Are bloggers journalists?
This debate continues to simmer as the traditional news-gathering industry undergoes a painful period of rapid evolution.
The answer to the question “are bloggers journalists?” can be answered by flipping the question on its head:
In an era where journalists increasingly write for digital versions of their newspapers (many of which have cut delivery to a handful of days per week or eliminated it completely)- publishing news DIRECTLY to the web without editorial oversight on every single story: are journalists bloggers?
Yes. And vice versa.
Journalism is an activity, an ethic, a philosophy. Historically it’s been bound by certain physical trappings: the masthead of a newspaper with a large circulation, rumpled oxfordcloth shirts, and thin spiral-bound notebooks. No longer.
Even the structural and social components that used to define journalism have changed:
- Editorial Layoffs: Over the past decade hundreds if not thousands of editors have been dismissed from their papers and magazines (particularly at the local level). In many cases, journalists are now publishing content directly to the newspaper’s website without an editorial filter applied to every individual story.
- Public Perception: The public’s esteem for the news media has plummeted in recent years. In 2011 the percentage of people surveyed by the Pew Center for the People and the Press who said that the news media “Get the Facts Straight” was 25 percent – down from 55 percent in 1985.
- Reach: The strength of the traditional news media is its reach. Or at least it was. Unfortunately newspaper circulation has declined precipitously. So has TV news viewership. So has magazine circulation. So has radio listenership. It’s important to note that this has taken place at a time when the public is consuming more news than ever.
If you’re a blogger that subscribes to a code of ethics and strives for honesty and integrity – you’re a journalist.
If you’re a journalist that publishes your content electronically to a content management system – you’re a blogger.
After declaring Grand Rapids, Michigan a “dying city,” Newsweek is now backing off the characterization after GR’s flashmob empresario Rob Bliss organized the world’s largest lipdub video in response to the charge.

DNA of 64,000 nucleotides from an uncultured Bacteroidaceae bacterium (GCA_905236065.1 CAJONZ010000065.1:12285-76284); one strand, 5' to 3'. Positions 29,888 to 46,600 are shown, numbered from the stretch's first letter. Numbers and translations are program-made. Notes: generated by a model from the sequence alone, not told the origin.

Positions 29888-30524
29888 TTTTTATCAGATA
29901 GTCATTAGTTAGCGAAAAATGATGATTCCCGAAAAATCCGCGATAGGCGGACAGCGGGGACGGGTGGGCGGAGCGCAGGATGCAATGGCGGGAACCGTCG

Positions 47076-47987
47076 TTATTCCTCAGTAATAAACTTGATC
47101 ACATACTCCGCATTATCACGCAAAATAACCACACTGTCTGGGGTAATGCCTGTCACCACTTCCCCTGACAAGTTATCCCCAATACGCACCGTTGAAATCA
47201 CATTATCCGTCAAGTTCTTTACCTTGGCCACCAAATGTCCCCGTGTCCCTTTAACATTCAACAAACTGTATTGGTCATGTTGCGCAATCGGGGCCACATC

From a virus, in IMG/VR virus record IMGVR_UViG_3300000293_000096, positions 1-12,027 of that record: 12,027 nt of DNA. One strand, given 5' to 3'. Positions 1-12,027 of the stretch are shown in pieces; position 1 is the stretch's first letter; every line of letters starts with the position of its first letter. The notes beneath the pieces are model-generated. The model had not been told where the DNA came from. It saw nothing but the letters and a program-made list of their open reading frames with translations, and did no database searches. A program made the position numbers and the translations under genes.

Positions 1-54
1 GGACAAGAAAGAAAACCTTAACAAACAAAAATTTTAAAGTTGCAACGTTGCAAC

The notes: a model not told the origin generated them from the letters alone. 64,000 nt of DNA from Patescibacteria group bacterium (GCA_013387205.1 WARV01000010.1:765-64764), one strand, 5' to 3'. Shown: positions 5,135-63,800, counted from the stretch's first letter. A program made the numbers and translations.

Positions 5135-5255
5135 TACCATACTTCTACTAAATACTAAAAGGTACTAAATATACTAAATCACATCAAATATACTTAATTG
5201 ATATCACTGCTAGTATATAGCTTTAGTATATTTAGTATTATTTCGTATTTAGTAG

Perhaps written up best by Gawker (“Dying Michigan City to Newsweek: Drop Dead”), the response boggled my mind:
“To the Grand Rapids crowd:
First off, we LOVE your YouTube LipDub. We’re big fans, and are inspired by your love of the city you call home.
But so you know what was up with the list you’re responding to, we want you to know it was done by a website called mainstreet.com—not by Newsweek (it was unfortunately picked up on the Newsweek web site as part of a content sharing deal)—and it uses a methodology that our current editorial team doesn’t endorse and wouldn’t have employed. It certainly doesn’t reflect our view of Grand Rapids.”
A couple of immediate concerns spring to mind:
- Newsweek recycles content under its masthead?
- Newsweek publishes analysis it doesn’t even stand behind?
Here’s my problem: A Facebook status update is hardly as prominent as an article on Newsweek’s website. Fairness demands that Newsweek publish a retraction of equal prominence.
As Grand Rapids (along with the entire state of Michigan) attempt to attract emerging industries to the state to diversify our economy (which suffered so greatly recently because decades of incompetent leadership allowed us to grow far too dependent on manufacturing) – publishing a characterization like this isn’t just an interesting diversion; it has real economic ramifications.
As I teach my Communication students: perception is extraordinarily powerful.
So my challenge to Newsweek still stands: let’s wait five years and see which institution better fits the adjective “dying.”
It’s on. Time to take yer beatin’ like a grown-up.